SKY News has come in for heavy criticism after a report on a Palestinian child’s death called her a “three or four-year-old young lady” who was killed after a bullet “found its way into the van” in which she was sitting.

Outrage has greeted a clip of the report, which has been widely shared on social media. LibDem peer Meral Hussein-Ece was among those to condemn the footage, saying the reporter’s use of passive language suggested “journalism is finished”.

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The video shows Sky News reporting on the death of Ruqaya Ahmad Odeh Jahalin, who was killed by Israeli forces in a shooting near the Palestinian village of Beit Iksa, in the central occupied West Bank, on January 7, according to the Defense for Children International Palestine (DCIP).

The broadcaster's reporter stated: "Accidentally a stray bullet found its way into the van ahead and that killed a three or four-year-old young lady."

The clip was shared by Saul Staniforth on Twitter/X, who wrote: "How did the three or four-year-old die? 'Accidentally a stray bullet found its way into the van'.

"Oh, and why not say 'child'."

Outrage greeted the language used, with Hussein-Ece, the LibDems' former equalities spokesperson, saying: "British journalism: 'a bullet found its way into the van and killed a three or four-year-old young lady'. A child! – journalism is finished."

Dr Yara Hawari, a senior analyst at Palestinian policy network Al-Shabaka, said: “Mainstream media is continuously ‘un-childing’ Palestinian children.

“This time from @SkyNews: ‘It looks like accidentally a stray bullet found its way into the van ahead and that killed a three or four-year-old young lady’."

Another said: “This is what happens when you kill all the journalists on the ground and replace them with mealy-mouthed talking heads. In wartime, more than ever – language matters.” 

Others said the reporting was a "disgrace" and the language used was "diminish[ing] the slaughter of this child".

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Israeli police said that the shooting took place after a ramming at a checkpoint north-west of Jerusalem.

Security camera footage showed a white car ploughing into two Israeli police officers at the checkpoint. Police then chase after the vehicle, opening fire.

Police said a man and woman inside the car were shot, but a girl in a van in front of them was shot as well.

The National previously reported that UK media has been biased in its coverage of Palestinian deaths, as fresh analysis found that the BBC's broadcasting output had prioritised Israeli deaths over Palestinian in its reporting. 

Research by openDemocracy found that in the month following the October 7 attack by Hamas on Israel,  the phrases “murder”, “murderous”, “mass murder”, “brutal murder” and “merciless murder” were used a total of 52 times by journalists to refer to Israelis’ deaths – but never in relation to Palestinian deaths.

And a separate study found that the BBC's online output also almost exclusively used words like "murder" to refer to Israeli deaths and not Palestinian.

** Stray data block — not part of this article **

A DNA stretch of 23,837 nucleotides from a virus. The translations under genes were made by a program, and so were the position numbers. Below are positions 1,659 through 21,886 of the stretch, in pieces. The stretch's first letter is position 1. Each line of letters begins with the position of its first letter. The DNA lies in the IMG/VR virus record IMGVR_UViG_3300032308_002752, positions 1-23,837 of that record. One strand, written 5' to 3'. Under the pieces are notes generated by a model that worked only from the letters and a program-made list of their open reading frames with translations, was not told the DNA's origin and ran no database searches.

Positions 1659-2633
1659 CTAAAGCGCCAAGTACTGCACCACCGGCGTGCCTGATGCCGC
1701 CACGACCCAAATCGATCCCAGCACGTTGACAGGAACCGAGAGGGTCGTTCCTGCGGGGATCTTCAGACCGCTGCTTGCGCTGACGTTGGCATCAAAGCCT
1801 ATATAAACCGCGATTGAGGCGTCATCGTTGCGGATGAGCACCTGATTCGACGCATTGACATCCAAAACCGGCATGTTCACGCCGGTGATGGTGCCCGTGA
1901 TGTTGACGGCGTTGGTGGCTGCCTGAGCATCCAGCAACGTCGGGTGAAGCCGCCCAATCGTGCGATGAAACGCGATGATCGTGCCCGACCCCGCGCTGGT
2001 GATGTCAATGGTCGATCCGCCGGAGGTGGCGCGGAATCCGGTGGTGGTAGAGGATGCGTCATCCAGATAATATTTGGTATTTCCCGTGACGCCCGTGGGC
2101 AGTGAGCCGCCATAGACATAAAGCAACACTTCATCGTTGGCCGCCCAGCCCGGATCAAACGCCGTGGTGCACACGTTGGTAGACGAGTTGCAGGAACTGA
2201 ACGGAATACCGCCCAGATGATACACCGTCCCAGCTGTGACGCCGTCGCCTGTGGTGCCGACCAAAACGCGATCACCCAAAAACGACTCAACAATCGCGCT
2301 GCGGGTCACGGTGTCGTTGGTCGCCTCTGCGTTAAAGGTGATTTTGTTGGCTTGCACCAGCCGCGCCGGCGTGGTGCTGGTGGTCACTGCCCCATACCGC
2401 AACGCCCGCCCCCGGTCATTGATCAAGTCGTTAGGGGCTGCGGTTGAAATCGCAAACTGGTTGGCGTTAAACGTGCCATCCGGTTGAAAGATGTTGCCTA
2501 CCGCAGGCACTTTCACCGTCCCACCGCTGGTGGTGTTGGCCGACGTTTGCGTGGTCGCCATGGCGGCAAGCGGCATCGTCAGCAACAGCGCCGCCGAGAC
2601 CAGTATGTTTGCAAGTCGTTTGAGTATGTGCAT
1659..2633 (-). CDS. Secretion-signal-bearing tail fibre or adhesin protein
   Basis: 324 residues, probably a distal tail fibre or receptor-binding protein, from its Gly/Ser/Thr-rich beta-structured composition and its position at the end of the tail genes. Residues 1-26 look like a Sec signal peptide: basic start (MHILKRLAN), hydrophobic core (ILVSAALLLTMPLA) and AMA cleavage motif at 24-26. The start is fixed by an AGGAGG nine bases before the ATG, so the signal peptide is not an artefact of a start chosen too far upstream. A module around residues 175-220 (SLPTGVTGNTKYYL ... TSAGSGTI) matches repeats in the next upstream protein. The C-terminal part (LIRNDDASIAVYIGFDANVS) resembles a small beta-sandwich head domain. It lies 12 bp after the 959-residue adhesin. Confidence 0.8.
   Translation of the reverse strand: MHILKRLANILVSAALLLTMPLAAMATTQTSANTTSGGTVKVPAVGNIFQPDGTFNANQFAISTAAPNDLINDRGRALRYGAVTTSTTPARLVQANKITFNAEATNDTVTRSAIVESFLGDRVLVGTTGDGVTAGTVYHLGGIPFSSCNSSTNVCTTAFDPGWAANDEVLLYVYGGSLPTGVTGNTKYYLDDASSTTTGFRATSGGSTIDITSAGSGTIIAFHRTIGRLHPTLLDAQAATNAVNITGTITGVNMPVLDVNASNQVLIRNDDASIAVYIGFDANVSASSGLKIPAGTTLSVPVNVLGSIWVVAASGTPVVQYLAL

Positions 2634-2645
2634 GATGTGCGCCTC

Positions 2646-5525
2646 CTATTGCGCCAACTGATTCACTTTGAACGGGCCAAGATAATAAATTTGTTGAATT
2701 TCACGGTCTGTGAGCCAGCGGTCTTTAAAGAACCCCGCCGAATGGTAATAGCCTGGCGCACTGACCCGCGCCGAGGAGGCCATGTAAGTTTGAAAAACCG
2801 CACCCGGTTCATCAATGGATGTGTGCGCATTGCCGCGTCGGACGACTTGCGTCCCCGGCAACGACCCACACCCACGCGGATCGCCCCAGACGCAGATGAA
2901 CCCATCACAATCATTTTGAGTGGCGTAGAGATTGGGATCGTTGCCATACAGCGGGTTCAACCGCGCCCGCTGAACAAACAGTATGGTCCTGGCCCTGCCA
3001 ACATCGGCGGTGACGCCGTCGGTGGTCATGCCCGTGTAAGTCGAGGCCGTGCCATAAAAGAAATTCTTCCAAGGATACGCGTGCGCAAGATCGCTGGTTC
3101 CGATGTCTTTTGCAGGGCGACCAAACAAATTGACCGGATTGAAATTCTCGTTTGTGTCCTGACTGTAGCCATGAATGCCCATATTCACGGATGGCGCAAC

Previously, First Minister Humza Yousaf urged the UK Government to hold Israel to account and described their repeated refusal to call for an immediate ceasefire as “shameful”.

He added that the UK Government must make clear that Israeli action in Gaza has “gone way beyond a legitimate response” to the Hamas attack of October 7.

On Friday, he became the first UK party leader to condemn Israel’s push for “ethnic cleansing”, after warning that Israeli officials had called for the "resettlement of the population of Gaza".

Speaking to Sky News, Yousaf (below) said: “We are seeing not only a humanitarian crisis, but we’re now seeing senior members of the Netanyahu government making statements that are frankly the textbook definition of ethnic cleansing and should be condemned in the strongest possible manner.”

The National: First Minister Humza Yousaf said coming from a minority gave ‘important perspective’ (Robert Perry/PA)

Since the war began, Israel’s assault in Gaza has killed more than 23,000 Palestinians, about two-thirds of them women and children, and more than 58,000 have been wounded, according to the Health Ministry in Gaza.

The death toll does not distinguish between combatants and civilians.

Nearly 85% of Gaza’s population of 2.3 million have been driven from their homes by the fighting, and a quarter of its residents face starvation, with only a trickle of food, water, medicine and other supplies entering through an Israeli siege.

The UN humanitarian office, known as OCHA, warned that the fighting in central Gaza was severely hampering operations to distribute aid.

Several warehouses, distribution centres, health facilities and shelters have been affected by evacuation orders from the military, it said.

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In northern Gaza, which Israeli forces cut off from the rest of the territory in late October, tens of thousands of people who remain there face shortages of food and water.

The World Health Organisation (WHO) said on Sunday it has been unable to deliver supplies to northern Gaza for 12 days because of bombardment and the inability to guarantee safe passage with the Israeli military.

OCHA said the military rejected five attempted aid convoys to the north in the past two weeks, including planned deliveries of medical supplies and fuel for water and sanitation facilities.

As a result, five hospitals in the north have no access to supplies, tens of thousands are without access to clean water, and the risk of disease is mounting as sewage systems fail, it said.